Nontraditional Science Education Research

The Problem of Accountability in Science Education Research

There is a growing sense of frustration among members of the science education research community that results from the fact that the impact of research in science education on classroom practice has been disappointing, to say the least (Shymansky & Kyle, 1990).

Wright (1993) offered four reasons why science education research is often irrelevant to the classroom teacher:

1. Science education research isn't a well defined discipline supported by a systematic base of knowledge. The preponderance of such research is carried out by graduate students as part of their Ph.D. program, rather than by seasoned teams with adequate funding. The preponderance of the research is "...conducted in isolation, with little focus, no agenda related to practice and no agreement on which methodologies are appropriate."

2. Science education researchers have little or no interest in practical, applied classroom issues. There is a sense that researchers are mainly "...concerned with maintaining a status as the theoretical spokespersons for the enterprise. ... Researchers in science education want to be seen as having an elevated status rather than dirtying their hands with the day-to-day problems faced by teachers and students in the science classrooms..."

3. Science education research hasn't recognized that educational practice isn't a scientific culture but a craft involving extensive unspoken personal experience and intuition. "Beliefs and practices drive the teaching enterprise, not research-based findings." Wright suggests that " long as we persist in applying the simplistic agricultural models of research (that look for simple cause and effect) to the very complex and contextual educational settings, then there is little hope of influencing the science teaching enterprise."

4. Science education research is still in its infancy. We are still in the process of finding out what is out there in science classrooms.

All but the last of Wright's criticisms can be viewed as paradigmatic problems of science education research. Ph.D. research is principally done to demonstrate theoretical and methodological mastery within a paradigm, not to solve practical problems of instruction. The goal of this research isn't an incremental improvement of practical instruction, but a revolutionary change in current practice as a result of instructional innovation (measured by quantitative methods) or a reconstruction of the learning experience and perspectives of the participants in instruction (measured by qualitative means).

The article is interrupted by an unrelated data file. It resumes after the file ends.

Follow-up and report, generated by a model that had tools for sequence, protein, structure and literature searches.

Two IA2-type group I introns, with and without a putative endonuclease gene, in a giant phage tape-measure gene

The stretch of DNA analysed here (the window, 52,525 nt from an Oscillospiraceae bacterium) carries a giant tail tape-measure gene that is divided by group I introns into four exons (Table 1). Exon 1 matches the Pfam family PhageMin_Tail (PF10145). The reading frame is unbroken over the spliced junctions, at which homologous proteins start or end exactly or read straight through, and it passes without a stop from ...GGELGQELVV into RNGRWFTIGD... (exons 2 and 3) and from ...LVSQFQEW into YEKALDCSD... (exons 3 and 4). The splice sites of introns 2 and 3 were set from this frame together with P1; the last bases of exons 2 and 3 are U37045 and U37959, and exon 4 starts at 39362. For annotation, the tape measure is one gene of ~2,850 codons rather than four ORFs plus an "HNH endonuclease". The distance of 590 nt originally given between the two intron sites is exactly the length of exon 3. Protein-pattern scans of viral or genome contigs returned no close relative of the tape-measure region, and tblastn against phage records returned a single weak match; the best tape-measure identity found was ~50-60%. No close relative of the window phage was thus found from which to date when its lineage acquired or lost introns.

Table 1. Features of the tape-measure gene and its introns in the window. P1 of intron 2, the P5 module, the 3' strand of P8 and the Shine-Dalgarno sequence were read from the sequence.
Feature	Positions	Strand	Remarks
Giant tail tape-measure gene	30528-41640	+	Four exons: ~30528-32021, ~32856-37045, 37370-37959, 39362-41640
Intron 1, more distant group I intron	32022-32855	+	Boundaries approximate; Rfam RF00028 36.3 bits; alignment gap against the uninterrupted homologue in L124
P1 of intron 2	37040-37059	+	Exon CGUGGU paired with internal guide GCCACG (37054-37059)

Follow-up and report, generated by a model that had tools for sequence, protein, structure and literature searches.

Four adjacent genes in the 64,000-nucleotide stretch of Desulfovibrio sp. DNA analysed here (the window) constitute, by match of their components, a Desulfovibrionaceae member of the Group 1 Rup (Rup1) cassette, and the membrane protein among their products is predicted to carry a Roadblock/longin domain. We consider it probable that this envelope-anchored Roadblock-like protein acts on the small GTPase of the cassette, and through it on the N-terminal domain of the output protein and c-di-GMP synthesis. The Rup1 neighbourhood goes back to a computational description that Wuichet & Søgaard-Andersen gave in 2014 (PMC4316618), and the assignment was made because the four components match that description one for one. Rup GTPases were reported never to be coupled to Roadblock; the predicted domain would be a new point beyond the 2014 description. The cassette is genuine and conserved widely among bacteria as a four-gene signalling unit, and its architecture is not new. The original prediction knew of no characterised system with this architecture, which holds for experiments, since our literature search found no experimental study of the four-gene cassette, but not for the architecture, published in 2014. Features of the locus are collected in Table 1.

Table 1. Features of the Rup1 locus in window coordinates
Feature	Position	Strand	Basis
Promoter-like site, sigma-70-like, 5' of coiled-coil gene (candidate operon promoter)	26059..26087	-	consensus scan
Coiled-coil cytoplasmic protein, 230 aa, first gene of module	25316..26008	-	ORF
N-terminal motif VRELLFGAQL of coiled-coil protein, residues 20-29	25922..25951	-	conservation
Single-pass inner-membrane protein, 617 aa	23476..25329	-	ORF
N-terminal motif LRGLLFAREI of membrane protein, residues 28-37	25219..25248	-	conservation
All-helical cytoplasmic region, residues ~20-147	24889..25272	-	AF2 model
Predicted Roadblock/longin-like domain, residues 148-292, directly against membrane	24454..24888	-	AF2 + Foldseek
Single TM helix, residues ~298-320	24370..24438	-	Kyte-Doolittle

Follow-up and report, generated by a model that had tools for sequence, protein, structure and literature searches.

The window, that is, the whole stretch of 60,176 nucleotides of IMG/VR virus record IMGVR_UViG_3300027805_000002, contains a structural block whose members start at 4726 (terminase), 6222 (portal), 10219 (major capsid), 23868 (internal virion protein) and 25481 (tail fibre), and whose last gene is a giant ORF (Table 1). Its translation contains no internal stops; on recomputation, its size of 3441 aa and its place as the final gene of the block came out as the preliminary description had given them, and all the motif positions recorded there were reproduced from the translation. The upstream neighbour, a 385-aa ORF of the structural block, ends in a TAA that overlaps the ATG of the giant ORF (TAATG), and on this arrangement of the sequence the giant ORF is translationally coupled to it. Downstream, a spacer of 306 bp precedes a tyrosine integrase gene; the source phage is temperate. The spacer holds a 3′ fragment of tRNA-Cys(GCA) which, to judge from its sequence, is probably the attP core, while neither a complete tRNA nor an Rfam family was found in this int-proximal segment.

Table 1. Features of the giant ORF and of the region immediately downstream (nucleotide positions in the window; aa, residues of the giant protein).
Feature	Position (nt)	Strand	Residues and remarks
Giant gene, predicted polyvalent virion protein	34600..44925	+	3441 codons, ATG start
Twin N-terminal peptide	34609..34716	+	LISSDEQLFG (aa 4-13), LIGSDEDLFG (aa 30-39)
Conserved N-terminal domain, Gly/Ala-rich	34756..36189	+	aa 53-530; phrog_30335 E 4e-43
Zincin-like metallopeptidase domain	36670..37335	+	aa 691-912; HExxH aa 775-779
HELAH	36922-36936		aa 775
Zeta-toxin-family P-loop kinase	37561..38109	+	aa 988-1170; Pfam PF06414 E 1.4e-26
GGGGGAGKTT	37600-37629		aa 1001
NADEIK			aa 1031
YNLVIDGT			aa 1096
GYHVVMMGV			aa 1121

Practicing teachers therefore view science education research as something apart from, theoretically superior to, and not really interested in classroom practice from the teacher's perspective, but from that of an external "expert." They view science education research as something done to teachers and students by outsiders who aren't interested in contributing to the everyday craft of teaching. Because this research doesn't directly benefit the teacher, the teacher has little stake in trying to decipher and implement those pieces of research that are actually actionable.

This dilemma concerning the relevance and validity of educational research isn't new; more than a half-century ago, John Dewey (1929) remarked on the direction and worth of educational research, and clearly subjugated theoretical rigor to educational practice:

The answer is that (1) educational practices provide the data, the subject-matter, which form the problems of inquiry... These educational practices are also (2) the final test of value of the conclusions of all researches... Actual activities in education test the worth of scientific results... They may be scientific in some other field, but not in education until they serve educational purposes, and whether they really serve or not can be found out only in practice. (p. 33)

We would like to suggest that the irrelevancy of science education research at present results from limitations in the two prevalent methodological paradigms used to conduct such research. These paradigms (quantitative, causal models of educational interventions and qualitative, hermeneutic-natural approaches for the noninterventionary study of educational practice) are limited because neither fits actual instructional practice in the classroom.

The methodologies and criteria used to judge worth in these kinds of research are driven by the search for theoretical perspectives sought by individuals who aren't (at the moment) teachers, and these methodologies and criteria are both inappropriate for and insufficient to the needs of classroom teachers.

Research Methodologies: The Quantitative Tradition

The paradigm for quantitative research in science education has roots in the natural sciences and psychology. Although there has been much debate regarding the evolution of the paradigmatic stances employed (positivism, neopositivism, behaviorism, and so forth), this research seeks causal relations between the kinds of instruction used and student learning. It frequently involves comparisons of an instructional innovation with "standard" instruction (interpreted as the absence of the innovation). The most striking examples of experimental design based on this paradigm are those of Campbell & Stanley (1963).

In the wrong hands, this paradigm can give rise to a "sports mentality" approach to curriculum evaluation (Bodner, 1992) -- limited comparisons of treatments and controls unreasonably removed from regular and possible classroom practice are statistically compared and victory or defeat for or against the innovation is declared. Because the methodology removes the experimental situation from the realm of the working classroom, assumes unreasonable controls of implementation and usually compares immature innovations, the results of these researcher-driven "horse races" often aren't deemed worthwhile by working teachers. To them, the purpose of this research is to demonstrate researcher control over arcane experimental ritual, not to improve the lot of the teacher.